Faux Privacy Rights for Illegal Aliens Take a Judicial Hit; Public Right to Know Prevails

By Dan Cadman, October 17, 2014

All too often lately we have seen specious decisions coming out of the federal district and circuit courts where immigration-related decisions are concerned. (For just two examples, see here and here.)

I'm happy to report for once, though, that an important decision was reached by the federal First Circuit Court of Appeals in Boston — one that, unusually and ironically, should please both those who are pro-enforcement and those who are pro-open borders. I say should please because, as you will see a little further along, apparently not everyone is enthused.

The origins of the case stem from a Freedom of Information Act (FOIA) request filed by a New Hampshire newspaper, the Union Leader, asking ICE to provide the names of alien criminals arrested during an enforcement operation, along with the details surrounding their offenses. ICE, typically, refused, citing those aliens' "privacy rights" even though, as I have observed before, such rights don't exist under the federal Privacy Act (PA) — something even the most wet-behind-the-ears government attorney must know. The Union Leader filed suit and lost at the federal court level (a classic example of judicial misinterpretation of both the FOIA and PA statutes). They then appealed to the federal First Circuit Court of Appeals.

The First Circuit has now ruled, and directed ICE to reveal the names and crimes of the aliens who were arrested so long ago as to be nearly irrelevant now, except for the principle they embody: transparency and openness in government.

Curiously, both the district and circuit courts, although arriving at diametrically opposite decisions, focused on the provisions of FOIA, rather than those in the PA — which limits federal privacy protections to "U.S. persons", who are defined as United States citizens and resident aliens. Nonimmigrants and illegal aliens are outside the scope of federal privacy law.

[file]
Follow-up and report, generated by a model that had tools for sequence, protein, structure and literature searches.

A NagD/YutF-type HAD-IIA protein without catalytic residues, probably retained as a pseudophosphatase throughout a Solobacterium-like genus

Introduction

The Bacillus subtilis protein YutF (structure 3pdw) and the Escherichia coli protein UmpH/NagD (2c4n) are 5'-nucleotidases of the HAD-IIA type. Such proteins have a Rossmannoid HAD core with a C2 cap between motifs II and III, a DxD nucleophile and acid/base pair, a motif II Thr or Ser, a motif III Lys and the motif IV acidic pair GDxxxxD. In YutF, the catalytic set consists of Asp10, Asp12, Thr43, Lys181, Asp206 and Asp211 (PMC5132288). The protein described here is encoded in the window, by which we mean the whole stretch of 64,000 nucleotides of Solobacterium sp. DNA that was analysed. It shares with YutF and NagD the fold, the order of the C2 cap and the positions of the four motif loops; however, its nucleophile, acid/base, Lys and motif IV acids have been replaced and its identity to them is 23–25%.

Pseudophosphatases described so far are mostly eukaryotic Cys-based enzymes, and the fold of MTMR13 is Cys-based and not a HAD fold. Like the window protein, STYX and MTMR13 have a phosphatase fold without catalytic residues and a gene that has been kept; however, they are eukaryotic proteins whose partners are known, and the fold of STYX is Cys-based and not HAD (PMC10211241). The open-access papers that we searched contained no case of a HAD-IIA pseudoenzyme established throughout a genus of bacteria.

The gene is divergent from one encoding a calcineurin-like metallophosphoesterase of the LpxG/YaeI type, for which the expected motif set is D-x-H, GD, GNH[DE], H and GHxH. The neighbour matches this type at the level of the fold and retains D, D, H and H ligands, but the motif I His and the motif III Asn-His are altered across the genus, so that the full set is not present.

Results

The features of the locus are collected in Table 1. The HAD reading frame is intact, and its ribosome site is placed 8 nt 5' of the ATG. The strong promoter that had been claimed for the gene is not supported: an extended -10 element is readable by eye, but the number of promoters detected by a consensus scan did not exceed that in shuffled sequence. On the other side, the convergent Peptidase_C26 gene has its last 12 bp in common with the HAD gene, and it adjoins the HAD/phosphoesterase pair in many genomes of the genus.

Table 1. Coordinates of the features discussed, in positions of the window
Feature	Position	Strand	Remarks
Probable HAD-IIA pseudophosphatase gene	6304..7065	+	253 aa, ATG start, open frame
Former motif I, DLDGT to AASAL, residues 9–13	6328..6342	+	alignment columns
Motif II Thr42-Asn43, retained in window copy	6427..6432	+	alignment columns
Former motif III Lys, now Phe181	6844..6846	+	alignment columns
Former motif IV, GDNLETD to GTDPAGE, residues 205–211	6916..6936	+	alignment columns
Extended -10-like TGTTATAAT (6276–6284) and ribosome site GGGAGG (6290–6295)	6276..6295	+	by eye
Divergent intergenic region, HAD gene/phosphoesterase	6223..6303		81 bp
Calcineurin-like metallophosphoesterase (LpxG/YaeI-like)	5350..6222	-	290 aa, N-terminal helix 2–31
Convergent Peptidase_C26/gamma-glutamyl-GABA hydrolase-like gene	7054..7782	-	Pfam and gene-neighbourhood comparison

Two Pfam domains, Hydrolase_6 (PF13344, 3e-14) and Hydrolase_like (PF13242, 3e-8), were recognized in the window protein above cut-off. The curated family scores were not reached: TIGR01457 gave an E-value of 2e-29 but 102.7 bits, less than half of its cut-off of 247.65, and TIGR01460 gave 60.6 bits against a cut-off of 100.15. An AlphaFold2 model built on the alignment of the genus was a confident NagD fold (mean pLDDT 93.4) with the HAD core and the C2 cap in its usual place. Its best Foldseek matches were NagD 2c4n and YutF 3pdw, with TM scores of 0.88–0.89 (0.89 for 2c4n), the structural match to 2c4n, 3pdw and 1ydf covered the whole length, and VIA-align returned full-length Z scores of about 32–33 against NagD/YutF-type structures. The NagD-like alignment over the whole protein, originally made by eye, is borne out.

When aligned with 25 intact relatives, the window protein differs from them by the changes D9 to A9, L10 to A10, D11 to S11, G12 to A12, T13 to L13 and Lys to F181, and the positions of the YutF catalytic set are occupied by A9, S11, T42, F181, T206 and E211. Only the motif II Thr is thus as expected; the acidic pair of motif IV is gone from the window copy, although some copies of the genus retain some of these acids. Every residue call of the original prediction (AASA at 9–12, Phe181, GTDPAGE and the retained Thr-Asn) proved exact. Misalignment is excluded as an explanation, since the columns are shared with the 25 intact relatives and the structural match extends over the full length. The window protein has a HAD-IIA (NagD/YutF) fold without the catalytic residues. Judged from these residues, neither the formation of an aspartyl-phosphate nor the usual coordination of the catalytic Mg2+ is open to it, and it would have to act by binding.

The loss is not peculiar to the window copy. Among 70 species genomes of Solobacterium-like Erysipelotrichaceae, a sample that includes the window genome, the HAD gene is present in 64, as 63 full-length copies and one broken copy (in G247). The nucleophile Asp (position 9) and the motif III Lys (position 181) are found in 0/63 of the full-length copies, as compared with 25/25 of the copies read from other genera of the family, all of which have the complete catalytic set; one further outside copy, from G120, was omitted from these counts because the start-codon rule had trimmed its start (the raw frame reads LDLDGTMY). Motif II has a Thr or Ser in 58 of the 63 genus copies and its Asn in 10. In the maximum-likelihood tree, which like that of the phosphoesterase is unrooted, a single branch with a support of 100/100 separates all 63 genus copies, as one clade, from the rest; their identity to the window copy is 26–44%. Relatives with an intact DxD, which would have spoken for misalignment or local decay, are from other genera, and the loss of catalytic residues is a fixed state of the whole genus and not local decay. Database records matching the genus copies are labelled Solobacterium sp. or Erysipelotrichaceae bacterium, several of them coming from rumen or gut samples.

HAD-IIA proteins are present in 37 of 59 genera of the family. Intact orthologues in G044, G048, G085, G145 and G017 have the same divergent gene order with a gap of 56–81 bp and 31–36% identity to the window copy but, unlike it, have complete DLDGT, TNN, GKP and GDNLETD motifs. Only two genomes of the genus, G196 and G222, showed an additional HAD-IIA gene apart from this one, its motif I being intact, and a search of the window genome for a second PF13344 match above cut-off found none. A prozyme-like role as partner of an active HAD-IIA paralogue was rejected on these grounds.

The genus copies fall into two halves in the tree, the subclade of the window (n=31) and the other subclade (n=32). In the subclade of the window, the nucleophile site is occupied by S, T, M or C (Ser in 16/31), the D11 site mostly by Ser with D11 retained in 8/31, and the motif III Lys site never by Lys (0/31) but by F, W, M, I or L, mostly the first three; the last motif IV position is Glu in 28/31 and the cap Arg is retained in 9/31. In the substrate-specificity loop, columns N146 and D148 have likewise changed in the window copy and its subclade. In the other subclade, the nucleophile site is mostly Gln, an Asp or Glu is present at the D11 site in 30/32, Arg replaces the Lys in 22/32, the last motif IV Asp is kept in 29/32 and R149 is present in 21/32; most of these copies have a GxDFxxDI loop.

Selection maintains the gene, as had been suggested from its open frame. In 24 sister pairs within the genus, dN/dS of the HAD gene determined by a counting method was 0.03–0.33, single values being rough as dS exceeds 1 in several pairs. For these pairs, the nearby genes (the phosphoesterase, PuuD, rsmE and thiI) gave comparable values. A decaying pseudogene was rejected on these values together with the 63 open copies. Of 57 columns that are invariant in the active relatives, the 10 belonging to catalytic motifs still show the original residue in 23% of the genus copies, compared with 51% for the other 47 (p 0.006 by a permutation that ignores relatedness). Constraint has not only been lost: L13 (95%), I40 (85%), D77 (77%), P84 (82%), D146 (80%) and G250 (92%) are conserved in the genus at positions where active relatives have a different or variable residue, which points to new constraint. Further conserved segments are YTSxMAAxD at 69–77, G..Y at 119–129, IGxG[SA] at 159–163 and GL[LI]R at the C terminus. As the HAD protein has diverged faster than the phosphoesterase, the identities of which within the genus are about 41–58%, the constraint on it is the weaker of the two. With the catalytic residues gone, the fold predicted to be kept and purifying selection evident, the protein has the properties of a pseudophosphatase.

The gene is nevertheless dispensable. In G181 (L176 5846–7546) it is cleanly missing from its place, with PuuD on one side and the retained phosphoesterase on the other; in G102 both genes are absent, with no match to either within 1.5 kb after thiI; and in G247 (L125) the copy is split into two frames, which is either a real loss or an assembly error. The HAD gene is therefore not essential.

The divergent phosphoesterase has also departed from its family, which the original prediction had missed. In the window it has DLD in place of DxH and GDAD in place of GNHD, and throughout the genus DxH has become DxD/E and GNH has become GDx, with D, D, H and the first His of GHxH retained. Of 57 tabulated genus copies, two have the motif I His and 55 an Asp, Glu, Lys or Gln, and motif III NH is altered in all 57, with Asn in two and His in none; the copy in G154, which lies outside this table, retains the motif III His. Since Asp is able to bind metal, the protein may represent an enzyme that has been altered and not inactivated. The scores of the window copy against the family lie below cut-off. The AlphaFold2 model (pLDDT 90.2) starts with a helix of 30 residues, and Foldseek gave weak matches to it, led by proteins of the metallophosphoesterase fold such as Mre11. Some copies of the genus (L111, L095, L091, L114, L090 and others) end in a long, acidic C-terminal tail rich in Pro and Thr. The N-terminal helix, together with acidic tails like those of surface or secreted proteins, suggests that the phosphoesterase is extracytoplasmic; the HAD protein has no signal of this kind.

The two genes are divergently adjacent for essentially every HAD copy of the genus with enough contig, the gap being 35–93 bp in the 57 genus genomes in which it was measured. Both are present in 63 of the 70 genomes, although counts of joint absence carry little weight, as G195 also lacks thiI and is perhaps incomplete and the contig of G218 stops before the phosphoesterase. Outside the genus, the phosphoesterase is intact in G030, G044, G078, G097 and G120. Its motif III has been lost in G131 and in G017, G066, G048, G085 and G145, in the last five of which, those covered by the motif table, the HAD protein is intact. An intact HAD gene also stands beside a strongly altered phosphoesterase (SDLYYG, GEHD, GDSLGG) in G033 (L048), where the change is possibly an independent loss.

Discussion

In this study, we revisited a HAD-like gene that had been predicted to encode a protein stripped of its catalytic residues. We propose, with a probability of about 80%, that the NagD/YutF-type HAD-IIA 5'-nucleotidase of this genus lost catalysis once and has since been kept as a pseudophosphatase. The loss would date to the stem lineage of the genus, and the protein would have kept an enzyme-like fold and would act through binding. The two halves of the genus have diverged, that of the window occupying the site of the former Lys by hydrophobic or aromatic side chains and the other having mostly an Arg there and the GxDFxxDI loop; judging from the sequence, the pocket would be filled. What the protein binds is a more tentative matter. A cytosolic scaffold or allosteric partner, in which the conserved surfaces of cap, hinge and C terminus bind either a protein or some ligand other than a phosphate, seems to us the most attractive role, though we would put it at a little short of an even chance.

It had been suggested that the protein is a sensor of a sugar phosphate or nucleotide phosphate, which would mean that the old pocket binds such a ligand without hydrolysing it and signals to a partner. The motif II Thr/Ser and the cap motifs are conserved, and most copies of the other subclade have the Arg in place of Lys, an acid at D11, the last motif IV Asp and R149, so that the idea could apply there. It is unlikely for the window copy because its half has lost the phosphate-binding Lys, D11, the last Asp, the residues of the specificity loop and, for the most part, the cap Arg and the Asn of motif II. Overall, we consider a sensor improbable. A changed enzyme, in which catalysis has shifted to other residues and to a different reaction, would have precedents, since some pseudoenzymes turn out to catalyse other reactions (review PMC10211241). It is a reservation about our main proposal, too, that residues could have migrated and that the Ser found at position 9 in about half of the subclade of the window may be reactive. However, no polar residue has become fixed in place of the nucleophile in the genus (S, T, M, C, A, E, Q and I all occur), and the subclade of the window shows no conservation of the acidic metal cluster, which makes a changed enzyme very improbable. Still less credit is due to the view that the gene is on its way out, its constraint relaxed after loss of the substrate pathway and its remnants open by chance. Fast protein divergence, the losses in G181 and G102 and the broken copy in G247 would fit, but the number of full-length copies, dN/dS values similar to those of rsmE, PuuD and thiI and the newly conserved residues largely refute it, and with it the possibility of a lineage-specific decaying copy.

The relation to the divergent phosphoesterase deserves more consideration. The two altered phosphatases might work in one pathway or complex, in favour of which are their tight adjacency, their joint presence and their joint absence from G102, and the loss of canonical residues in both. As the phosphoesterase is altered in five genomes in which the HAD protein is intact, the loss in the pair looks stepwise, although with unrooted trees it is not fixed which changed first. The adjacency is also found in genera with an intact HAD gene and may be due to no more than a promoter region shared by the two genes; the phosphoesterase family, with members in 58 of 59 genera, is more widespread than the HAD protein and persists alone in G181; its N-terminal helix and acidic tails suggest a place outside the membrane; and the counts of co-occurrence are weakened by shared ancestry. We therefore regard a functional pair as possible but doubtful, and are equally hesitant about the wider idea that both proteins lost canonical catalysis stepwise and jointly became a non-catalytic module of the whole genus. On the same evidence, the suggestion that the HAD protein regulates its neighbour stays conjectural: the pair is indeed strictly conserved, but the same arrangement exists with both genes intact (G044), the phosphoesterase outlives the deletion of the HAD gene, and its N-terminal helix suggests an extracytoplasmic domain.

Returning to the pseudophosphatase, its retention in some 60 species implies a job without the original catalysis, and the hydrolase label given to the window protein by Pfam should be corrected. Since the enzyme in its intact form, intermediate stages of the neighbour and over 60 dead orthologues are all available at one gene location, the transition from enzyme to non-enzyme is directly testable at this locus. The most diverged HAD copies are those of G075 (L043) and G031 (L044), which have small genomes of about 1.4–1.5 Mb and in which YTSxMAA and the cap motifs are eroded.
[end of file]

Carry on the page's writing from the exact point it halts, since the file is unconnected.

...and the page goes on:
But whatever the logic, the outcome is appropriate and should be welcomed, not just by media outlets, but also by the public at large and groups at both ends of the immigration advocacy spectrum, because it helps to pierce the fog that this administration has dropped over government immigration operations. And that leads us to the anomalous position taken by the American Civil Liberties Union (ACLU) when contacted for their views on the circuit court's decision. According to the Union Leader, an ACLU spokesman said, "Unfortunately, we're not going to be able to comment. For us, it's a complicated issue of balancing privacy and government transparency that would require us to really delve into the specifics before we took a position."

Doesn't look that complicated to me. Could it be that such a decision sets back the ACLU's agenda where illegal aliens are concerned? Perhaps it doesn't always suit their interests for the public to know, in detail, the kinds of aliens who are committing crimes on the streets of America — aliens whom the ACLU hopes will become additional beneficiaries of expanded "executive action" by our overreaching president and secretary of Homeland Security.

Time to change the ACLU's name, maybe. How about the Post-American Civil Liberties Union? After all, notions of patriotism and identification with the body politic are so passé.